1. Reciprocation
  2. Commitment and consistency
  3. Social proof
  4. Liking
  5. Authority
  6. Scarcity

This article looks at the first two principles.

The rule of reciprocation states that we should try to repay, in kind, what another person has provided us with. If somebody has done us a favour, we feel at least slightly obligated to return their favour.

Dr Cialdini, regarded in many circles as a leading authority in the science of persuasion, notes an interesting point about reciprocation. There exists a sense of obligation accompanying reciprocation that is so widespread that Alvin Gouldner (1960) along with other sociologists reported that all human societies subscribe to the rule.

How then can we use the rule of reciprocation to our advantage? Like most things in life, reciprocation will only work if it is sincerely meant. Dr Cialdini's research has proven that if we want to gain benefit from this rule, we should be the first to give. What we give should be of genuine value to the recipient. If we can genuinely advantage them by our actions, then the rule is invoked by having them feel obligated to respond in kind.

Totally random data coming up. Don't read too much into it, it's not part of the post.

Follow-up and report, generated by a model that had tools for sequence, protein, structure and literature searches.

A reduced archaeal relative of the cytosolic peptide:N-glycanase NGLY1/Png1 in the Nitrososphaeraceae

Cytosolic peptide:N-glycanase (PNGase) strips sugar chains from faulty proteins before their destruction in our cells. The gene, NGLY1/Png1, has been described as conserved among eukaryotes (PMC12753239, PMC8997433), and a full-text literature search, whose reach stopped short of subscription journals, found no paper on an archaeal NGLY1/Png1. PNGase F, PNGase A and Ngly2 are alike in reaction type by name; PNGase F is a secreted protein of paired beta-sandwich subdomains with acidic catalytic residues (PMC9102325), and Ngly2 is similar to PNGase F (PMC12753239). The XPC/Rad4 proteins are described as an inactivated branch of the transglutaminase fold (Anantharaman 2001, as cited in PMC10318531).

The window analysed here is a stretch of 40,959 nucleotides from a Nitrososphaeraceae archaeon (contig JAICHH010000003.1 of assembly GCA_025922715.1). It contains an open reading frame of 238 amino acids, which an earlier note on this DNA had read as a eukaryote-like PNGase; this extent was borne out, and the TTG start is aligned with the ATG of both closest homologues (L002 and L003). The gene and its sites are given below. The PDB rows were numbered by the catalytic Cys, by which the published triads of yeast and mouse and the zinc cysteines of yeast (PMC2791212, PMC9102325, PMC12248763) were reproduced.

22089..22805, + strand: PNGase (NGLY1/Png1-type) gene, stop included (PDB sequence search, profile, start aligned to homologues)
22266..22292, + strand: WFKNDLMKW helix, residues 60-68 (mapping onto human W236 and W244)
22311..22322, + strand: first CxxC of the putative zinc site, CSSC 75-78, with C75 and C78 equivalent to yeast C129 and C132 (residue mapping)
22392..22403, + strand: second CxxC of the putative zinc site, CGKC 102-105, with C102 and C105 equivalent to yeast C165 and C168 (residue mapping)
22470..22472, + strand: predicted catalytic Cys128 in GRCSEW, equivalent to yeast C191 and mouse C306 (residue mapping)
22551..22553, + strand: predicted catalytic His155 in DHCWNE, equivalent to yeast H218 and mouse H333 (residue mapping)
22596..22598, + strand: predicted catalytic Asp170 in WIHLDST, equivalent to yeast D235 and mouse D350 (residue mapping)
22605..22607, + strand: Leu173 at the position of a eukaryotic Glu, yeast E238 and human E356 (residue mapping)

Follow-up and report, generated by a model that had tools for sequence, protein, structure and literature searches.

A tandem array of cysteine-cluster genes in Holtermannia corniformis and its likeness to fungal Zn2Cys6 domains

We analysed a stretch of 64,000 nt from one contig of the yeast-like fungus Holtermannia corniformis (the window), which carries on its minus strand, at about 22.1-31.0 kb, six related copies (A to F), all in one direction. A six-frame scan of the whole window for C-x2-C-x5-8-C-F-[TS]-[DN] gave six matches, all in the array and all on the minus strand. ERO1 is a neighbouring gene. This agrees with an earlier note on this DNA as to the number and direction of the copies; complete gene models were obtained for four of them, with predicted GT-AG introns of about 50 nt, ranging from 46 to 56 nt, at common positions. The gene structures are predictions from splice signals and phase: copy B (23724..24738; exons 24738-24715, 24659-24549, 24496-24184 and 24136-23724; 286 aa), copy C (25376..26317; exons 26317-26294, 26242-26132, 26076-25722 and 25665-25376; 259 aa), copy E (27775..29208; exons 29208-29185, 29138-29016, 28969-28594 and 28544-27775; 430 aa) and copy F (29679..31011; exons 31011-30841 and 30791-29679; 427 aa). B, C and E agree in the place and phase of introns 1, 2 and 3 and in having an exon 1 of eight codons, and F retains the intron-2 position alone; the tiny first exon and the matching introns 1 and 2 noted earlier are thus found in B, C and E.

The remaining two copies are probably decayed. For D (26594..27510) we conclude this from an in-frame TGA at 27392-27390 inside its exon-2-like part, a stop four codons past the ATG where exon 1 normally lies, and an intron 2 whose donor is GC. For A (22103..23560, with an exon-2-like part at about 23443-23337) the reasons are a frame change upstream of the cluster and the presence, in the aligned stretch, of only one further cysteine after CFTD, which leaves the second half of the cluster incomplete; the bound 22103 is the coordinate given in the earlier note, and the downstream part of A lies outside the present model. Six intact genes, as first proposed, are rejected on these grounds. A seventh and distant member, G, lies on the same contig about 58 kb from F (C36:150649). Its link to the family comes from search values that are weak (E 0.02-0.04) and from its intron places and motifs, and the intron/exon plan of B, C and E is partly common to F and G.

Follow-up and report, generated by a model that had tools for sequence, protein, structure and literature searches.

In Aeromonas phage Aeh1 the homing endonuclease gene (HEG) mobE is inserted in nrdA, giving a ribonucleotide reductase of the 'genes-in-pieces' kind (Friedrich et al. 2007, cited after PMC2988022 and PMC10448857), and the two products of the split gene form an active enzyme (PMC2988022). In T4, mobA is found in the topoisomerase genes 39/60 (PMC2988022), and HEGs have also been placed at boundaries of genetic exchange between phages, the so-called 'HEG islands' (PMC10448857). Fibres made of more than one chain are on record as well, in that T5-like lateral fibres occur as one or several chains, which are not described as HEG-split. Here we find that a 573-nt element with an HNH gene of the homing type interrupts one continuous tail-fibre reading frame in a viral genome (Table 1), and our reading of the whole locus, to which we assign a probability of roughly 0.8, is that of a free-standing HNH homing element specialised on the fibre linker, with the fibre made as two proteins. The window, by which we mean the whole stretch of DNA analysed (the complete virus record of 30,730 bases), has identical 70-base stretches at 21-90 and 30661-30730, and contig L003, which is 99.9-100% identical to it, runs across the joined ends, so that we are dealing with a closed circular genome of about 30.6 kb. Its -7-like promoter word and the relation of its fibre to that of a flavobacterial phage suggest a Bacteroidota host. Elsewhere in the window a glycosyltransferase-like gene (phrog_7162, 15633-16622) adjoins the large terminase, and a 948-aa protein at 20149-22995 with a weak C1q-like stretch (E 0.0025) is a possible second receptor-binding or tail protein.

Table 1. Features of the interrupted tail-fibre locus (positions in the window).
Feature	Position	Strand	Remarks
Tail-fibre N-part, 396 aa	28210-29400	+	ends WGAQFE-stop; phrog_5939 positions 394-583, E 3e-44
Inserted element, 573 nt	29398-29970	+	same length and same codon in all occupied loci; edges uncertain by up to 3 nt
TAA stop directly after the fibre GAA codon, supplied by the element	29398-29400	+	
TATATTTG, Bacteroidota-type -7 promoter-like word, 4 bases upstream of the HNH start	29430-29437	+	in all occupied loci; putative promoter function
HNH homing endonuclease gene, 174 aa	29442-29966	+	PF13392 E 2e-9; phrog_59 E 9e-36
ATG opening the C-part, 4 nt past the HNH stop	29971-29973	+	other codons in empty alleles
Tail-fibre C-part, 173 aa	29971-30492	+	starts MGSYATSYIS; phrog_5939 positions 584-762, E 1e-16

Thus if we are truly able to provide our prospective client with something of value to their personal career or circumstances, then they will feel an obligation to assist us in the furtherance of our career prospects and / or personal circumstances too. This should make them more likely to want to do business with us than our competitors.

The second principle of persuasion is commitment and consistency. Dr Cialdini describes commitment and consistency as our desire to be (and to appear) consistent with what we have already done. Once we make a choice or take a stand, we will encounter personal and interpersonal pressures to behave consistently with that commitment.